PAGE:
The following medical advice/precautions should be taken whilst enjoying your holiday, especially during the hot humid weather. Most common problems to holidaymakers are as follows: Sunburn, ear infections, gastroenteritis with dehydration, sunstroke, sprains/injuries, insect bites, STD’s, chest and throat infections, skin infections, allergic dermatitis etc.
SUNBURN – 8% of cases at our Centre for 2007.
Infants, children and fair skins are especially sensitive and are more likely to be affected. The sun is at its hottest during the hours of 10.00 – 16.00 hours. Reflections from the water and sand can intensify the sun rays. Sun block of a high factor should always be used. Some effects are: red tender skin, blisters, fever, chills, nausea and peeling skin. If you are affected a cool bath or shower will help. DO NOT: apply Vaseline, lidocaine or butter; these will have an adverse effect. Medical attention should be sought if there are any signs of the following: feeling faint or dizzy, rapid pulse or breathing, extreme thirst, nausea, fever, painful blisters, or your eyes hurt and are sensitive to light
EAR INFECTIONS – 25% of cases at our Centre for 2007.
Extended time in the water i.e. the sea or swimming pool can cause infection of the ears, quite commonly known as Swimmers Ear. Bacteria can grow in the ear canal as too much water can wash away the protective coating (ear wax), the ear canal will then become red, swollen and painful. If you do get swimmers ear you may, in all probability, have to stay out of the water for a week to 10 days, antibiotic eardrops have to be used. You should contact the doctor if you have any of the following:
- Pain in the ear with our without fever
- Persistent itching of the ear of in the ear canal
- Loss of hearing or decreased hearing in one or both ears
- Discharge from an ear, especially if it is thick, discoloured, bloody or smelling. The doctor will decide after examination whether cellulites or otitis media is evident, once examined, you will then be prescribed the relevant medications.
GASTROENTERITIS – 8% of cases at our Centre for 2007.
Also called stomach flu. This is caused by a virus, bacteria or parasites. Symptoms include: watery diarrhoea, abdominal pain, vomiting, headaches, fever and chills. Dehydration is caused by a loss of fluids from the body e.g. by the vomiting and diarrhoea. Gastroenteritis is highly contagious and is transmitted by people with unwashed hands, close contact with someone infected and/or by eating food or drink that is contaminated with the virus. It cannot be treated with antibiotics if it is diagnosed as viral, but it may be bacterial and therefore, antibiotics can be prescribed. What to do: stay inside and rest until the symptoms subside. Sip small amounts of clear liquids like tea, apple, grape or cranberry juice, 7-up, Gatorade etc. No coffee or caffeinated beverages or alcohol, as these can worsen dehydration. After 4 – 8 hours, if you are able to tolerate clear liquids, you may progress to gentle mild foods such as toast, soup and fruit. Seek medical advice if you notice:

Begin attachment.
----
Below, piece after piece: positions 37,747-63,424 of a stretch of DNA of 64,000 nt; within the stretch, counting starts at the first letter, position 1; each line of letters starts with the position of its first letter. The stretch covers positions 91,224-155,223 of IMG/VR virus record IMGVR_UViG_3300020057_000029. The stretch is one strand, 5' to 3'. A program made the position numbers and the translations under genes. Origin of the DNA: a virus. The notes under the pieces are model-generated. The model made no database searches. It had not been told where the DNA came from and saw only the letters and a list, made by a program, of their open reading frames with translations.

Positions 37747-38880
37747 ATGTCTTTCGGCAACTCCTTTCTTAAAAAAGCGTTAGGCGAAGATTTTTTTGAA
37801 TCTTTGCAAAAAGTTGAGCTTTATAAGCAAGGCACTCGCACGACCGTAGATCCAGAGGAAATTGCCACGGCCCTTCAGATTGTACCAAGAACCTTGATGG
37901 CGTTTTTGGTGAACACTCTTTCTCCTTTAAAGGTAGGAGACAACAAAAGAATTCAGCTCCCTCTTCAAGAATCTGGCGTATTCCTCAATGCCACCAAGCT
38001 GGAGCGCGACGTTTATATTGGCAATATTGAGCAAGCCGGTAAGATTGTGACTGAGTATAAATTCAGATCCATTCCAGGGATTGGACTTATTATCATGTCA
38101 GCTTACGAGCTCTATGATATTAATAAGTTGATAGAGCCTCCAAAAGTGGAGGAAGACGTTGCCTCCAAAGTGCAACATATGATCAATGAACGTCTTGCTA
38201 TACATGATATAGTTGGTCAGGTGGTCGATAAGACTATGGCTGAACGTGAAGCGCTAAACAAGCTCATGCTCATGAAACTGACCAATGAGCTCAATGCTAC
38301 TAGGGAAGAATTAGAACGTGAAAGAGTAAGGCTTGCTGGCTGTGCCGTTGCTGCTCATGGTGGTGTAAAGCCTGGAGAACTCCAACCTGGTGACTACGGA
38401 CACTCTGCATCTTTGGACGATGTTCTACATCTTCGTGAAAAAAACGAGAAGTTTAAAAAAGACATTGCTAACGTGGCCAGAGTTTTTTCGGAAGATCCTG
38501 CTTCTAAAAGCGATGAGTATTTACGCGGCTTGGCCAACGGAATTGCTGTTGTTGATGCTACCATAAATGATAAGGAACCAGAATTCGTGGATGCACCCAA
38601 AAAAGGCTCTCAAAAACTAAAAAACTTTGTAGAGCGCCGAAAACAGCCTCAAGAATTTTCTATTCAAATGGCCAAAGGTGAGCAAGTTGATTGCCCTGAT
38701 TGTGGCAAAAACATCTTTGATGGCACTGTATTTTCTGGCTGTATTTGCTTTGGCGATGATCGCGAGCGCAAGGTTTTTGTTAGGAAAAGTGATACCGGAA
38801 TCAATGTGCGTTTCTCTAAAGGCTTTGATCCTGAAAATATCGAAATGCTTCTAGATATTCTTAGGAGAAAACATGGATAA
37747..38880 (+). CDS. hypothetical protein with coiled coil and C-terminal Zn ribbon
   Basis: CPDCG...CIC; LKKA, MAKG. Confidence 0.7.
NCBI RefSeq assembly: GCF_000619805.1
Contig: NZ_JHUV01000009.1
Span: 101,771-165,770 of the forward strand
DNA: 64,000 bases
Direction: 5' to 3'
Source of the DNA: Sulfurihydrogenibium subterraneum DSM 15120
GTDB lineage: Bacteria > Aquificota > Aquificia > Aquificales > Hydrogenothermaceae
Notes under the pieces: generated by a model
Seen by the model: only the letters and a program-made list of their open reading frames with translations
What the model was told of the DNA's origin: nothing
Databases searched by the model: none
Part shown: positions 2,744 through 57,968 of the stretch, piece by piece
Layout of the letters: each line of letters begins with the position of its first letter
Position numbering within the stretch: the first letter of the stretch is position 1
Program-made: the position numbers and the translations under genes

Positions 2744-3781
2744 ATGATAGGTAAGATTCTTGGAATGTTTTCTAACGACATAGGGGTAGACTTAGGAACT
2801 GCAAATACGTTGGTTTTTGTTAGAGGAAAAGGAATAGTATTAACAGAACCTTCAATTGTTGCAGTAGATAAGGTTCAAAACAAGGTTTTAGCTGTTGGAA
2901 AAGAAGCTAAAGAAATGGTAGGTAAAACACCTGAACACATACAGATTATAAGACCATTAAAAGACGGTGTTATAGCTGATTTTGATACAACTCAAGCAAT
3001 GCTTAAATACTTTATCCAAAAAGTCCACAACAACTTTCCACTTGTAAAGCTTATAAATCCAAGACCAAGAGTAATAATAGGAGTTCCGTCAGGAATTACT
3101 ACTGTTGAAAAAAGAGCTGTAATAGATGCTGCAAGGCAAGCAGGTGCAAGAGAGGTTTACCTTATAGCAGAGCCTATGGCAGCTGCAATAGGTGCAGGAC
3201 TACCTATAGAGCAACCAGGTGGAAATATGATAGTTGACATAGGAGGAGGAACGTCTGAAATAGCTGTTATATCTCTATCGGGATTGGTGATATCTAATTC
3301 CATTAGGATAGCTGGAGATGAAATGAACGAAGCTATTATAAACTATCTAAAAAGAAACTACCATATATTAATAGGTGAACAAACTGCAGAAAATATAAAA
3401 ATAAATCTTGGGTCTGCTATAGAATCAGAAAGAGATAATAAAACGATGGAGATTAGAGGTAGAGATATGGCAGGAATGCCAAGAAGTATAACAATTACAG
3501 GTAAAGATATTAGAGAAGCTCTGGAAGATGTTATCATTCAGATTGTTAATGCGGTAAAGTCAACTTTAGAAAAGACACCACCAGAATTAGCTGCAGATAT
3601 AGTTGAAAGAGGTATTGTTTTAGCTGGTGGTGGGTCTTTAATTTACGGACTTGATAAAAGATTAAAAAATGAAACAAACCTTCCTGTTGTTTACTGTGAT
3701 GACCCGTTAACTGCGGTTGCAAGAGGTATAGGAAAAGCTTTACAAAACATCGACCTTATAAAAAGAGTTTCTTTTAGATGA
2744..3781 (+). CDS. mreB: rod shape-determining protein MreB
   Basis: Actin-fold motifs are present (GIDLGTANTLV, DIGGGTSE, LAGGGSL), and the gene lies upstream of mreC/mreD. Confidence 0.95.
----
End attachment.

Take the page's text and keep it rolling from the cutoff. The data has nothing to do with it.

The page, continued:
- Excessive thirst
- Dry mouth
- Little or no urine, or it is dark yellow
- Severe weakness or dizziness Untreated severe dehydration can be life threatening.
STD’s – Sexually Transmitted Diseases – 4% of cases at our Centre for 2007.
We all know that whilst on holiday you meet people and sometimes enjoy a ‘One Night Stand’. It is essential that you take precautions i.e. USE A CONDOM!! Some of the diseases are: HIV/AIDS, BV-Bacterial Vaginosis, Chlamydia, Gonorrhoea, Hepatitis, Herpes Genital, Syphilis. Symptoms are a burning sensation, itching, sores and discolouration of discharge. Seek medical advice immediately if you have any of these symptoms.
INSECT BITES – 8% of cases at our Centre for 2007.
Insect bites can cause infections and swelling. Avoid too much scratching as this can make the problem worse. Use an anti-bite spray which contains Citronella which repels these annoying insects. Beware: Spiders and what look like ordinary house flies also bite. Seek medical advice if bites become swollen, if you have several, or if they become infected.
SEA URCHIN SPIKES – 2% of cases at our Centre for 2007.
These can cause swelling and infection; you should seek medical advice to ensure that they are correctly removed and any infections can be dealt with at the same time. If you try to remove them yourself, you can cause the spikes to embed deeper.